Street art piece
a Milan-based duo who started painting in the early 2000’s, inspired by democratic usage of street art, who worked several times with SAMA in the past. They began experimenting with stickers and hand-cut stencils referencing Andy Warhol’s reproduction methodology, before developing their highly recognisable style that combines elements of photorealism, animation, tessellation, collage and subtle, but abundant, art-historical references. Quickly outgrowing the Milan graffiti scene, Orticanoodles began participating in festivals ranging from the lowbrow, unpaid Paint & Beer happenings by graffiti artists from around Europe, to high-end art events including Paris Tower 13, the Djerbahood Tunisia, Venice Biennale and Banksy’s 2008 Cans Festival. On occasion of the first Amsterdam Street Art Festival in 2010, they had the chance to enter in contact with SAMA. Many discussions took place during that week about a mysterious ‘street art’ movement that researcher Anna Stolyarova was investigating, and whether there was a potential connection between it and the Fluxus happenings of the 1960s and ‘70s. Linked with this research, in 2011, Orticanoodles announced the release of their Multiple Prints series, citing inspiration from Pop Art, through representation of the iconic Andy Warhol.
Good / Legible
Orticanoodles cut the stencils for this production in Milan, before having physically seen the space they would be painting. In order for them to do this, Stolyarova had to provide 360-degree photography of the space, as well as a DIY blueprint of the passage, because the artwork is painted on two walls that face one another. In classic graffiti manner, they were incredibly economical with their materials, bringing only four one-litre bottles of paint -- one for each colour, which they mixed with paint to cover 80 square-meters of space.
Tulips (2016) was a project celebrating the region’s unique cultural and architectural heritage. Amsterdam Nieuw-West is a product of modernist functional architecture and utopian urban planning by Cornelis Van Eesteren. The black lines running throughout the work symbolise the natural canals -sloten- originating at Sloterplaslake, the sand from which was used in mixing the cement used to construct the buildings in the area. The patches of red, yellow, and purple throughout the mural represent the three demographics initially expected to inhabit the newly constructed region in the 1950’s and ‘60’s -- pensioners and invalids from WW2, young families with children, and migrant workers coming from Morocco, following the 1969 Dutch-Moroccan “Recruitment Treaty.”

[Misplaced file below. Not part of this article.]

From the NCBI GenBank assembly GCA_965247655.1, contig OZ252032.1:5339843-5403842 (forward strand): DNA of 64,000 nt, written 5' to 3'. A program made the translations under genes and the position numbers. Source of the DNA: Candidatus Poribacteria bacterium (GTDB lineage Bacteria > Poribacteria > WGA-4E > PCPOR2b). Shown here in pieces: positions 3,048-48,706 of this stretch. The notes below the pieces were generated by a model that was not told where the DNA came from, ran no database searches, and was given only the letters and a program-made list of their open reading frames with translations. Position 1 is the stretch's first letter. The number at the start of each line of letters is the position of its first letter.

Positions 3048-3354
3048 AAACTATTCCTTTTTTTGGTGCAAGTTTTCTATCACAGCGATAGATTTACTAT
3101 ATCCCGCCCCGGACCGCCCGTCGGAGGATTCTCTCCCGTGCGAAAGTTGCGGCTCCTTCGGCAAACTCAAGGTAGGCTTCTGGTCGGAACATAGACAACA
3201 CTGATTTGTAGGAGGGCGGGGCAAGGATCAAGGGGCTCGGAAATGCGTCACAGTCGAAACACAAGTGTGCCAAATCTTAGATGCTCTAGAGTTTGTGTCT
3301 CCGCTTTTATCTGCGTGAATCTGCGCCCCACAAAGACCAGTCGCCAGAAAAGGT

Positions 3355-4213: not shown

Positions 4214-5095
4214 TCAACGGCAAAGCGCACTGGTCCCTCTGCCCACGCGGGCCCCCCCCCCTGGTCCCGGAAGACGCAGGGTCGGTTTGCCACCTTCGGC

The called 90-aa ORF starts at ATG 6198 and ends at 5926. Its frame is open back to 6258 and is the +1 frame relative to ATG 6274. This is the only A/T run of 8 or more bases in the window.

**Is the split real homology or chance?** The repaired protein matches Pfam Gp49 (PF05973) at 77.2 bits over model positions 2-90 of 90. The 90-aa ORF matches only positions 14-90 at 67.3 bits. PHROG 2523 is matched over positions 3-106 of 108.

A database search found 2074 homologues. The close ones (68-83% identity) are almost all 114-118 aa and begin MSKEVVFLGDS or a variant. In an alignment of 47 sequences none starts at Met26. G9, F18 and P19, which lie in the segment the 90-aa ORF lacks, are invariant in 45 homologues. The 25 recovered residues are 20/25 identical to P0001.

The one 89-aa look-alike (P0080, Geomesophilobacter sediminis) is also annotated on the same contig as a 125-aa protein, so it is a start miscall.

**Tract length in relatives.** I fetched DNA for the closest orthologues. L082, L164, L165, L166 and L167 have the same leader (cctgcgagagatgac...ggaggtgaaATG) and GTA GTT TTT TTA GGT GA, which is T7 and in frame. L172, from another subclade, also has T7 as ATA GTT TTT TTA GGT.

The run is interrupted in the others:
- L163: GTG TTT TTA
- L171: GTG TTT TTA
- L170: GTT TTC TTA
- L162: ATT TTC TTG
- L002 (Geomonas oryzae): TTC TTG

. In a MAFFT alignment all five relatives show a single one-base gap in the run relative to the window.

Likewise, the tulips represent past and present intercultural connections -- the Ottoman Turks first cultivated tulips under sultan Süleyman the Magnificent in the mid sixteenth century, and often sent them abroad as diplomatic gifts. Reaching the Netherlands and gaining hysterical popularity toward the end of that century, they have since become a national symbol. The tulips in Orticanoodles’ Tulips represent this connection, with the majority population in the building on which they are located being Turkish; in addition the building houses the Stichting Kumbet Turkish social club, which also functions as a mosque.